Entering college, I promised myself I would not get addicted to coffee. A few of my friends in high school were already hooked on caffeine, and they said that it was inevitable to happen to me too. I didn’t want to believe them, yet a year later here I am sipping Dunkin Donuts every single day on my way to class. I absolutely love coffee now, but I can’t help but wonder if it hurts us more than it is supposed to help us. I’ve heard horror stories of people having awful withdrawal symptoms, and others having a messed up sleep schedule— all because of coffee. So, is coffee really the best thing for us? Or is it damaging us more than it should?
According to Mayo Clinic, an article published by Donald Hensrud, M.D. states that while many people associate coffee with causing many health problems, Dr. Hensrud may have a counter to that. The article points out that in a recently conducted study, there was no correlation between coffee and cancer/heart disease. The article further notes that coffee may actually be beneficial to us, decreasing mortality rates and even helping those suffering from depression. The article frequently mentions a study was conducted to point to these results, however the specifics of the study was not mentioned at all. We get no sense of data, or what type of experiment was conducted. I would say this article suffers from the File Drawer Problem because it fails to publish any evidence of results of the experiment. It just states that this experiment proved something, but provided no evidence to support that statement.
An article published by medicalnewstoday also discusses similar theories with numerical data, but again gives no specific examples of studies. This article does mention something that is vital to this hypothesis: that coffee affects each person differently. There are many third variables to recognize, that may point to why coffee has health effects on a person. For example, maybe that person’s family has a history of heart disease. Or what if you’re drinking decaf coffee? Would it still have the same effect even though there is no actual caffeine in it? The article says that caffeine can have different effects for all types of people, therefore making it difficult for us to come to a conclusion regarding the correlation that coffee causes heart disease.
Both articles fail to mention the specifics of the studies they claimed to get the results from, so I would probably conduct my own experiment to see the results for myself. At this point, there is not enough evidence to convince me one way or another, due to the lack of details concerning the experiments conducted. At this point I would probably undergo my own experiment and look at the results.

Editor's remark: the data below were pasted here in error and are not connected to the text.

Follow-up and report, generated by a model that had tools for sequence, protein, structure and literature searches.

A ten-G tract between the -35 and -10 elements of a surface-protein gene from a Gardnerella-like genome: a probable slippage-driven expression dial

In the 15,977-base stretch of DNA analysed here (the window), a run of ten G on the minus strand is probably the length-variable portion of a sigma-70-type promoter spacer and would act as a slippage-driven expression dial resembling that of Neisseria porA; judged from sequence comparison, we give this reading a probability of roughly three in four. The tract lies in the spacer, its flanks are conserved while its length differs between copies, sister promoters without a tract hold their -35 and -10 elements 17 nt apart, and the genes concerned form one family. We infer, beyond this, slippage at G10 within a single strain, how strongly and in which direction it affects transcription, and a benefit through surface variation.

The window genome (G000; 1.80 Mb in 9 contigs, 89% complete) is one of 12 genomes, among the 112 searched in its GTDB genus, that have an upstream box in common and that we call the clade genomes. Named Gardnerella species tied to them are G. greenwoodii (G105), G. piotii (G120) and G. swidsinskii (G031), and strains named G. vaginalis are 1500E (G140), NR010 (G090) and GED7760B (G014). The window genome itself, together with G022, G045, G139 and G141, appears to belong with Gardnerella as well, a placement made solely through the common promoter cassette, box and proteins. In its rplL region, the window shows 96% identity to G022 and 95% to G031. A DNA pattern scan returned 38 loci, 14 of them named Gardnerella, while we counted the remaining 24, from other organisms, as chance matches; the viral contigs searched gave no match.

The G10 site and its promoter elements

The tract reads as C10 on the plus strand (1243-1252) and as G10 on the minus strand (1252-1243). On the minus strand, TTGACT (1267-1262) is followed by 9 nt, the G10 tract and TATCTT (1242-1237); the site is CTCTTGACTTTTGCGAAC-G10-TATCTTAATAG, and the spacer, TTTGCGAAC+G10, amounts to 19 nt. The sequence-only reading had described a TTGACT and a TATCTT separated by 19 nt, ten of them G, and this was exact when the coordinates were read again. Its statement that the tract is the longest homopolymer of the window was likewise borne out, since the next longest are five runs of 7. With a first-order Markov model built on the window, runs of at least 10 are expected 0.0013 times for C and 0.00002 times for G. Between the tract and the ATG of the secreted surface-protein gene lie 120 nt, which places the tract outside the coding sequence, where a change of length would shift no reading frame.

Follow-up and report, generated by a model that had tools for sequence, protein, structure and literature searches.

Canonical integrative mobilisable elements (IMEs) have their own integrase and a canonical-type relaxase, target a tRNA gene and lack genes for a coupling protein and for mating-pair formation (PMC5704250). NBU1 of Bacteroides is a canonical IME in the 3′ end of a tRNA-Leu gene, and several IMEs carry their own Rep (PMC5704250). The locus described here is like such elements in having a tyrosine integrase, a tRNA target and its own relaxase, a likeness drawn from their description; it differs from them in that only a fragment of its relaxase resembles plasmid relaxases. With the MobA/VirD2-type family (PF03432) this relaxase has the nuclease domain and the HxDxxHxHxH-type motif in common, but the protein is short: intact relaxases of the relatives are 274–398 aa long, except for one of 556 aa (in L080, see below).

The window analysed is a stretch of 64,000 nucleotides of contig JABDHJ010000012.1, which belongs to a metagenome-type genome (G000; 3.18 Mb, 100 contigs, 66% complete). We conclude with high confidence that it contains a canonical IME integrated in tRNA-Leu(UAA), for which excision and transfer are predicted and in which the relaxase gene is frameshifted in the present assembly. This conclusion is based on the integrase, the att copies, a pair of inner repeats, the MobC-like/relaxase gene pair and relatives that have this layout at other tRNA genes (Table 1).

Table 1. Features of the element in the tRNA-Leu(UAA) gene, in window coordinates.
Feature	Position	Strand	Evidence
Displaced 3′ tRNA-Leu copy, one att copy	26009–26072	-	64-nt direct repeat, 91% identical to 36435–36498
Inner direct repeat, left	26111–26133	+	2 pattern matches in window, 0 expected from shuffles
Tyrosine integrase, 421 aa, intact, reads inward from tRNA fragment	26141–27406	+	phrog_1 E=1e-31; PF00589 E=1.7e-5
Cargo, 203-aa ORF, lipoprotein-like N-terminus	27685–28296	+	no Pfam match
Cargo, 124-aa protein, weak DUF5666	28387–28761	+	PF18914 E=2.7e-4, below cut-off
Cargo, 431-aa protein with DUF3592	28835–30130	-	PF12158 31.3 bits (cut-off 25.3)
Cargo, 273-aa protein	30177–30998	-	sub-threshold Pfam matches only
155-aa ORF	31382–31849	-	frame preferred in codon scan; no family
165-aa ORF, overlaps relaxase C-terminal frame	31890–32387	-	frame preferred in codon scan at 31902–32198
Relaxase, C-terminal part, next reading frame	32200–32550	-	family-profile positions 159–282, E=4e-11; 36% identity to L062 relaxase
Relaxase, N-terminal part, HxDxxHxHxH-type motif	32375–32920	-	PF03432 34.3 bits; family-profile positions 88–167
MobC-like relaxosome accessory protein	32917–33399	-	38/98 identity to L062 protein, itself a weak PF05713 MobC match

If I were to conduct an experiment, it would be a randomized control experiment. I would have two groups, with one group drinking coffee and another group drinking nothing. I would also have to be concrete with what I’m trying to figure out, meaning that I would need to develop a solidified hypothesis. So, I would pinpoint it down to one disease instead. Since the article from mayoclinic said the study tested if coffee increased the chances of heart disease, we will use that to determine the hypothesis.
So, does coffee intake correlate with an increased chance of getting heart disease? The experiment would be difficult to point to an answer, because the results aren’t something you can measure in a few weeks. Similar to the experiment we discussed in class with smoking correlating to cancer, it would be difficult to get accurate data on something like that because the effects would take too long to measure.
So would this point to a false negative? Do we believe coffee does nothing, and science proves that it in fact does nothing? It’s hard to say. more research would have to go into this hypothesis; but from what I researched already, the chances of coffee having negative effects on the human body, like heart disease for example, are slim to none.
The worst that could happen is you suffer from a little insomnia. But nothing life-threatening like cancer or heart disease. So drink all the coffee you want!